Cloudy with a chance of awesome: freak weather turns Grand Canyon into sea of clouds

These breath-taking pictures show the moment a freak weather event turned the Grand Canyon into a sea of clouds.

The rare weather, which is called a total temperature inversion, caused the 6,000 foot deep ravine in Colorado to fill up with a thick layer of cloud, seemingly dense enough to walk on.

The dense formation of clouds, which occurs when cold air at the bottom of the 277 mile (446 km) long chasm is trapped by a layer of warm air at the top, is so rare, it is only known to happen once or twice a decade.

The rare weather is called a total temperature inversion

The rare weather is called a total temperature inversion

According to the National Park Service, the weather event is totally unique to the Grand Canyon, with it often taking days for the cloud to fully clear.

Temperatures at the bottom of the gorge often fall below zero degrees during winter, which, when mixed with the warm moist air on top creates the cascading waterfalls of clouds.

Thought to be formed at least 17 million years ago by the Colorado River, the stunning sea of clouds last filled the canyon in December 2013.
A time lapse video released by the National Park service shows the cloud slowly pervading the canyon, totally obscuring it from view, before receding to the depths to reveal its famous beauty.

It occurs when cold air at the bottom of the 277 mile (446 km) long chasm is trapped by a layer of warm air at the top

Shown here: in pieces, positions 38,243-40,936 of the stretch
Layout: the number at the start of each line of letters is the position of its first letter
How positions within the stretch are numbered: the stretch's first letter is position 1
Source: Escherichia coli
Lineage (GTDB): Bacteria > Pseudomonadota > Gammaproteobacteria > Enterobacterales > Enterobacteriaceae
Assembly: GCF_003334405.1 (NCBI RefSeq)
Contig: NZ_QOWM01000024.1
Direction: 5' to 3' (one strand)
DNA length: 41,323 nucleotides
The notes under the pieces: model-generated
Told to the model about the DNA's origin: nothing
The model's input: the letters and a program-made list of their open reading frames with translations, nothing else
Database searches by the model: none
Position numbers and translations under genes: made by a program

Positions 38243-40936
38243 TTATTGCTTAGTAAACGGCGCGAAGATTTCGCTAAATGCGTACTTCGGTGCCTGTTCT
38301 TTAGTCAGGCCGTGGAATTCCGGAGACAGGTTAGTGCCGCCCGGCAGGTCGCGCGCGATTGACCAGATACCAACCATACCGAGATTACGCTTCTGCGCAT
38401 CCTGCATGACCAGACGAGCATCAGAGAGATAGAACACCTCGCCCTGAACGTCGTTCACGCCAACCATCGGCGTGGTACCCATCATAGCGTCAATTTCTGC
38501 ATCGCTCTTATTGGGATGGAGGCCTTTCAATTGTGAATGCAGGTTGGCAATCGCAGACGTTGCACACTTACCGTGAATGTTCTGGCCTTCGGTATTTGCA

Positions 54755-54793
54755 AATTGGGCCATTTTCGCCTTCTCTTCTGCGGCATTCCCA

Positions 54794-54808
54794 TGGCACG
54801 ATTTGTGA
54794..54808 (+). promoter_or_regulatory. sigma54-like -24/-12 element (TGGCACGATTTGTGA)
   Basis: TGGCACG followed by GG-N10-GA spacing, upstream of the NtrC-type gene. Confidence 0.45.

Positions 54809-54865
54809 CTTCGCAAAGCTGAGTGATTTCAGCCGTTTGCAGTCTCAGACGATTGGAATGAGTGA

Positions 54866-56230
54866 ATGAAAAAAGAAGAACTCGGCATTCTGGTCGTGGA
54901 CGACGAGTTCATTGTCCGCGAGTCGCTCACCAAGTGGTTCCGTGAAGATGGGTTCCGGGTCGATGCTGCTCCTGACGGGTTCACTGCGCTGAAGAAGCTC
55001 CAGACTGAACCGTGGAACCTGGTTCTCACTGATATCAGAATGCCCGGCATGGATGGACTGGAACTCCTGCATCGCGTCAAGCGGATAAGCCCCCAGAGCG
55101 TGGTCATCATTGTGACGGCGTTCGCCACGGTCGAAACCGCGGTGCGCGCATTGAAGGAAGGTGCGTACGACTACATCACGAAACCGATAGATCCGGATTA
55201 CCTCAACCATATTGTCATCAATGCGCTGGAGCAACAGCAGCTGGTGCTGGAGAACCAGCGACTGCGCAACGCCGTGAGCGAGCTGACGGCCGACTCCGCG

It occurs when cold air at the bottom of the 277 mile (446 km) long chasm is trapped by a layer of warm air at the top

A spokesperson for Grand Canyon National Park said: “Ground inversions at Grand Canyon are a sight to behold; clouds fill the canyon with sunny, blue skies at the rim.

“The topography of Grand Canyon enhances the effect of inversions creating the dramatic views of a sea of fog and clouds seemingly dense enough to walk out on.

“Ground inversions occur when cold air is trapped by a layer of warm air.

“On clear, cold nights ground temperatures cool rapidly. Air in contact with cold surfaces cools and sinks.

“At Grand Canyon cold, moist air drops into the canyon forming cascading “waterfalls” of clouds pouring down the rim filling the canyon.

“Warm air above the rim holds the clouds in place until enough solar radiation is received to warm the surface of the rocks, heating the cold, dense clouds in the canyon causing them to rise.

“Visitors at Grand Canyon during an inversion are challenged to be patient.

“Waiting out the warming process is well worth the effort; when the clouds start to lift the currents of air swirl and turn on themselves parting like curtains to reveal bursts of colour and light, a breath-taking spectacle.”